• The British Business Bank (BIB) will retain the £400m of additional funding for Enterprise Capital Funds that was announced at Autumn Statement 2014


  • Invest £1.8bn to digitally transform government services.
  • Invest nearly £1bn in the next generation of 4G communications network for the Emergency Services.
  • Invest £1.3bn to transform HMRC into one of the most digitally advanced tax administrations in the world, with access to digital tax accounts for all small businesses and individuals by 2016-17.
  • Consult on options to simplify the payment of taxes.
  • A new target to reduce the costs to business of tax administration by £400m.


  • The CSR caps the amount of rent that Housing Benefit will cover in the social sector to the relevant Local Housing Allowance.
  • limit Housing Benefit and Pension Credit payments to 4 weeks for claimants who are outside Great Britain, from April 2016.
  • Deliver 400,000 affordable housing starts by 2020-21.
  • 200,000 Starter Homes which will be sold at a 20% discount compared to market value to young first time buyers, with a £2.3bn fund.
  • 135,000 Help to Buy: Shared Ownership homes.
  • 10,000 homes that will allow a tenant to save for a deposit while they rent.
  • At least 8,000 specialist homes for older people and people with disabilities.
  • Further reforms to the planning system, including establishing a new delivery test on local authorities, to ensure delivery against the number of homes set out in Local Plans.
  • Release public sector land with capacity for 160,000 homes.
  • Amending planning policy to support small sites, extending the £1bn Builders’ Finance Fund to 2020-21.
  • £2.3bn in loans to help regenerate large council estates and invest in infrastructure needed for major housing developments.
  • Invest £310m to deliver the first new garden city in nearly 100 years, at Ebbsfleet.
  • Extend the Help to Buy: Equity Loan scheme to 2021.
  • Higher rates of Stamp Duty Land Tax will be charged on purchases of additional residential properties with effect from 1 April 2016. The higher rates will be 3 percentage points above the current rates.


  • Help forces to improve police efficiency by taking steps to drive down the cost of police procurement by up to £350m and encouraging greater collaboration.


  • A real terms increase in spending on Access to Work, providing specialist IT equipment, or support workers.


  • Introduce measures to end the right to cash compensation for minor whiplash injuries, and will consult on the details in the New Year.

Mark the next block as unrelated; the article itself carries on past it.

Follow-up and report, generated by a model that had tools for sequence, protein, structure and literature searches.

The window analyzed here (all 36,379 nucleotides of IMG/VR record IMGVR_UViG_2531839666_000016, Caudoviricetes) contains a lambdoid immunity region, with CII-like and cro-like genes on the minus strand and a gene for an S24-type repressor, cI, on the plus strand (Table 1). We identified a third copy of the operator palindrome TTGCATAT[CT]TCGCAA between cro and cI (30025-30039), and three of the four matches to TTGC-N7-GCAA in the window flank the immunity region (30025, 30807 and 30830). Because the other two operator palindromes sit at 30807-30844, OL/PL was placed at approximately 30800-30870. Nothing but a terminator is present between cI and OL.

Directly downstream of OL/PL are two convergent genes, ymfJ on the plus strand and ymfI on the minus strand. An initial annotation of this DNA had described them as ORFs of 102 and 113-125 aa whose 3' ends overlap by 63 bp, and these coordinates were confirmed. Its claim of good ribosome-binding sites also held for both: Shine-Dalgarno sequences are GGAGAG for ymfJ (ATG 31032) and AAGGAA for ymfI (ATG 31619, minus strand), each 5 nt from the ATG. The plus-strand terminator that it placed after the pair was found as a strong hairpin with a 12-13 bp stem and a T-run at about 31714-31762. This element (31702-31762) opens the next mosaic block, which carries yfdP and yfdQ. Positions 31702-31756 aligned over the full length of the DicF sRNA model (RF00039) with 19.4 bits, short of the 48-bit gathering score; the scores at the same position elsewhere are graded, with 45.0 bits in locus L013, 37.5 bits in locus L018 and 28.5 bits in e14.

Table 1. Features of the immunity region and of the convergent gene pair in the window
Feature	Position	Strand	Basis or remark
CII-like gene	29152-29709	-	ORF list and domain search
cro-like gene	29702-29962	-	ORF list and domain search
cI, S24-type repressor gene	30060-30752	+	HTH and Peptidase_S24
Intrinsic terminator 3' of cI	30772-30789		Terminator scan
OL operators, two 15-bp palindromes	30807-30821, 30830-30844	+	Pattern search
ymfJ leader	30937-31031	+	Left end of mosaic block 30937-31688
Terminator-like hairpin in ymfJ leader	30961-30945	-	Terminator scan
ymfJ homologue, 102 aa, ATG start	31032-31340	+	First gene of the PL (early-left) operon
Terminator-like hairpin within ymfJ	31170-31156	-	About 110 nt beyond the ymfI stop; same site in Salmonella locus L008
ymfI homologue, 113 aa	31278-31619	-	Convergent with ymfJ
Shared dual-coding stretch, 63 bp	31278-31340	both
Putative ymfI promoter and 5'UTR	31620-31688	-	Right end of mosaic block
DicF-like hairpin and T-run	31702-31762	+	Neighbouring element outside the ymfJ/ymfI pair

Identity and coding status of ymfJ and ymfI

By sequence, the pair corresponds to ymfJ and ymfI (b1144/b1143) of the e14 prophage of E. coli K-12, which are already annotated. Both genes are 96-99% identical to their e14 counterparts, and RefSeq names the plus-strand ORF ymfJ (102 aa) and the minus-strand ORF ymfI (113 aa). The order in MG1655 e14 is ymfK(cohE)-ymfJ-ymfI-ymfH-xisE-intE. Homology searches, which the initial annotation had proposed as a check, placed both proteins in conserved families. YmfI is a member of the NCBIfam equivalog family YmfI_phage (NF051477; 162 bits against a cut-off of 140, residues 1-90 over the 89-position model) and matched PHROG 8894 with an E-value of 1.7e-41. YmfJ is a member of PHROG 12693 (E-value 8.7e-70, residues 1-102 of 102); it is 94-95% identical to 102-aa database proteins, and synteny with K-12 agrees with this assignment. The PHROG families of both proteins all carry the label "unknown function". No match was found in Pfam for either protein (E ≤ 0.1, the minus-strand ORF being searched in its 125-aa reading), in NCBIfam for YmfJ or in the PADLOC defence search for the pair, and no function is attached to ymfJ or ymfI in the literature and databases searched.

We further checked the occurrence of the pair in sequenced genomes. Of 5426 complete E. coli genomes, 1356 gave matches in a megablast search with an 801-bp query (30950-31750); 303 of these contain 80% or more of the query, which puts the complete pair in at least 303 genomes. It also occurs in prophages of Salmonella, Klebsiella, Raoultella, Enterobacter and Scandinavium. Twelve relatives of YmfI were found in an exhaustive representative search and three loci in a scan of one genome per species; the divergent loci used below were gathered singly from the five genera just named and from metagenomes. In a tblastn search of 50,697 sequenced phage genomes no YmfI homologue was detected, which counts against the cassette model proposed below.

Equality and childcare

  • A new £15m annual fund equivalent to the VAT raised each year on sanitary products will support women’s charities.
  • Doubling the free childcare entitlement from 15 hours to 30 hours a week for working families with three and four year olds from September 2017, there is, however, an upper income limit per parent of £100,000 and a minimum weekly income level per parent equivalent to 16 hours.
  • From 2017-18 will invest £300m to increase the average hourly rate childcare providers receive.
  • Provide at least £50m of capital funding to create additional places in nurseries.
  • Maintain in cash terms the Department for Education’s central children’s services budget.
  • Funding for universal infant free school meals will also be maintained.
  • The government will introduce the first ever national funding formula for schools, high needs and early years, so that funding is transparently and fairly linked to children’s needs. The government will launch a detailed consultation in 2016 and implement the new formulae from 2017-18.


  • The government will publish a National Infrastructure Delivery Plan next spring, setting out in detail how it will deliver key projects and programmes over the next 5 years.
  • The government has increased its overall capital departmental investment plans by £12bn between 2016-17 and 2020-21.
  • The government will increase funding for the Renewable Heat Incentive to £1.15bn by 2020-21.
  • A second Roads Investment Strategy will be published before the end of this Parliament.
  • £250m to tackle the potholes.
  • Freeze regulated rail fares at no more than inflation (RPI) for the entire Parliament.
  • A £475m fund to which local areas can bid for money to pay for large local transport projects.
  • The government will commit up to 10% of shale gas tax revenues to a Shale Wealth Fund.
  • £250m for an ambitious nuclear research and development programme.
  • Allow Network Rail to sell assets and re-invest proceeds in rail infrastructure.